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It’s not unusual for me to find myself beavering away in the dark recesses of my workshop and this day was no exception. As I busied myself making things … mainly tea, radio 4 chatted away to itself in the background. In time honoured tradition, Jayne Garvey introduced Woman’s Hour just after the news at eleven and I turned the wireless up ‘one louder’ in anticipation of an hour’s lively debate and conversation.

It must have been a hole drilling or maybe grinding day at Bear Bones Towers because I don’t recall hearing much of the first half hour. However, when the lure of the kettle finally got the better of me, I found myself listening to a doctorate of something from the university of somewhere talking about a recent study into sexual satisfaction amongst teenagers – no, really. Anyway, this deeply probing study has apparently revealed that many teenagers are finding themselves dissatisfied with their sex lives when they embark on an ‘adult relationship’. It turns out that the widespread viewing of internet pornography is to blame. Teens are being introduced to sex through that medium and ultimately believing that what they see portrayed on screen will and should resemble their own fumblings when the time eventually comes. I allowed myself a few minutes reminiscing on the strength of it, then went back to whatever I was meant to be doing.

On occasion, it does look like this


I’m sure you’ll agree, it’s a story that says much about modern society, teenagers, the internet and wasting money on studies but what has it got to do with us? Bikes weren’t mentioned, I never heard anyone use the word tarp or bivvy and not once did they discuss the merits of a meths stove. You’re right, it’s got absolutely nothing to do with us in our capacity as two wheeled travellers … or so I thought.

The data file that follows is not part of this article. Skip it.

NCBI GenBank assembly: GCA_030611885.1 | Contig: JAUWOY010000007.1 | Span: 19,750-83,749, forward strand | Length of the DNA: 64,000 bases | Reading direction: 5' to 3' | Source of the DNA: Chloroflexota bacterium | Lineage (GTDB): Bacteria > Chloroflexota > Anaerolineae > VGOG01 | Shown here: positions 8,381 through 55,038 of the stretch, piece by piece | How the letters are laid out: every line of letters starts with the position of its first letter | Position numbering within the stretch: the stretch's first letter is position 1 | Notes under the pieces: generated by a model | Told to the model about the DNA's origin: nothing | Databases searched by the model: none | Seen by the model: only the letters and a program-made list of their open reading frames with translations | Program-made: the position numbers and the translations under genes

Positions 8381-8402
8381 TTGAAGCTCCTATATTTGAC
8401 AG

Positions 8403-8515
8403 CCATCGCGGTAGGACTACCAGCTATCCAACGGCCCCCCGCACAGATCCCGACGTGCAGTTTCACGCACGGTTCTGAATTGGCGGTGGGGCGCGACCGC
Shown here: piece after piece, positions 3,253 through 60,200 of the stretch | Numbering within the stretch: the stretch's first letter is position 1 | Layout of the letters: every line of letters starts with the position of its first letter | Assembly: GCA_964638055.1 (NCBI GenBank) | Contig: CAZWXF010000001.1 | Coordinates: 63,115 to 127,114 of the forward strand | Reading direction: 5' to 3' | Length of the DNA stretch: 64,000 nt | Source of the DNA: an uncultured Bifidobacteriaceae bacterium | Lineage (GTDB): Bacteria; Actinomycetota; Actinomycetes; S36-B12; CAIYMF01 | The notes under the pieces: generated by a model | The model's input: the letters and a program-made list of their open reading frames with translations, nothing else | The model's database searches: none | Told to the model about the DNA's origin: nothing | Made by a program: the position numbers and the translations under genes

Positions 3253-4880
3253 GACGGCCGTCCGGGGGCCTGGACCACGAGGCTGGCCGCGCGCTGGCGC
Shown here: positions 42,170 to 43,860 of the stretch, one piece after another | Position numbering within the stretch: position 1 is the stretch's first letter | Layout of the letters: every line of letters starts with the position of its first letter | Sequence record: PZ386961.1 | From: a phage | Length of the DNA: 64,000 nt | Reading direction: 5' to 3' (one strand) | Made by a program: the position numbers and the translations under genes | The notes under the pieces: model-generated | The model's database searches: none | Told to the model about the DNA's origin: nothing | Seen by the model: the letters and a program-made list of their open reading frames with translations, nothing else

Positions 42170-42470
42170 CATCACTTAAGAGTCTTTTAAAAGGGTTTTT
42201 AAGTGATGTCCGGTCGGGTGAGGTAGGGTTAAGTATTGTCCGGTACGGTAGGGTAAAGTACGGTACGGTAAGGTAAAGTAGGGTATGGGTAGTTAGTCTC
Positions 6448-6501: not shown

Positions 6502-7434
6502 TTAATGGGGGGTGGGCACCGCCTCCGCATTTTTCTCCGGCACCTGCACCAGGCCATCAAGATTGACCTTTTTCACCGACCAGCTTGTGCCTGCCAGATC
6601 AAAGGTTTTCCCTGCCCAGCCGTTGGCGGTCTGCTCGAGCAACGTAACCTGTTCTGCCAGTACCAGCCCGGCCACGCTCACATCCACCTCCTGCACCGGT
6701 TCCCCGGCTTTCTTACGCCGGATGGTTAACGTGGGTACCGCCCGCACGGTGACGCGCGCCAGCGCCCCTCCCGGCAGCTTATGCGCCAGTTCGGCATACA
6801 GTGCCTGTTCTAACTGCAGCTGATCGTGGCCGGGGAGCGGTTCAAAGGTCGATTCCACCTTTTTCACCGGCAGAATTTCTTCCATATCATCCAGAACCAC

or even like this which isn’t too bad


As far as I knew, the memory of listening to that particular interview had simply sunken to the bottom of my mind, never to be seen again. I can only assume that the day it floated back to the surface was the day my brain had run out of other stuff to ponder? I couldn’t shake off the thought that somewhere I’d come across the same phenomenon as outlined in the broadcast; Then it dawned on me, of course I had, I was surrounded by it … it was bikepacking!

The increasing popularity of bikepacking has not only lead to more people doing it but also, more people wanting to or perhaps just thinking about doing it. Across the world, you’ll find bikepacking virgins hunched over computer screens when they think everyone else has gone to bed, their monitors filled with tantilising images carefully crafted to get the juices flowing and blood pumping. Although the world portrayed on screen, is in the main a real one, for most of us the scenes played out are little more than a seductive fantasy. Some films depict the ‘perfect trip’ – the trails, weather, company and scenery are all the stuff of dreams and picked out in glorious HD for our voyeuristic delight. Others adopt a different approach and focus on the ‘struggle’, a seemingly never ending three way between man, terrain and the elements that ends in a triumphant climax for all present.

but usually, it looks much more like this.


Let’s be honest, watching someone ride a bike along a canal tow-path or push one beside the edge of a ploughed field is pretty dull. While the person doing the riding or pushing might be enjoying themselves, you probably don’t want to watch them do it because quite frankly, it’s the bikepacking equivalent of watching your parents ‘at it’ … it’s certainly not a turn-on but in the main, it is reality. With this in mind, I wonder whether bikepacking has now reached a critical point. A point where the collective community should be aiming to educate rather than titillate and perhaps portray a more realistic version of what goes on? If we don’t change tack, I fear there may be a lot of disappointed people out there when they discover, it’s not quite like it is the films.

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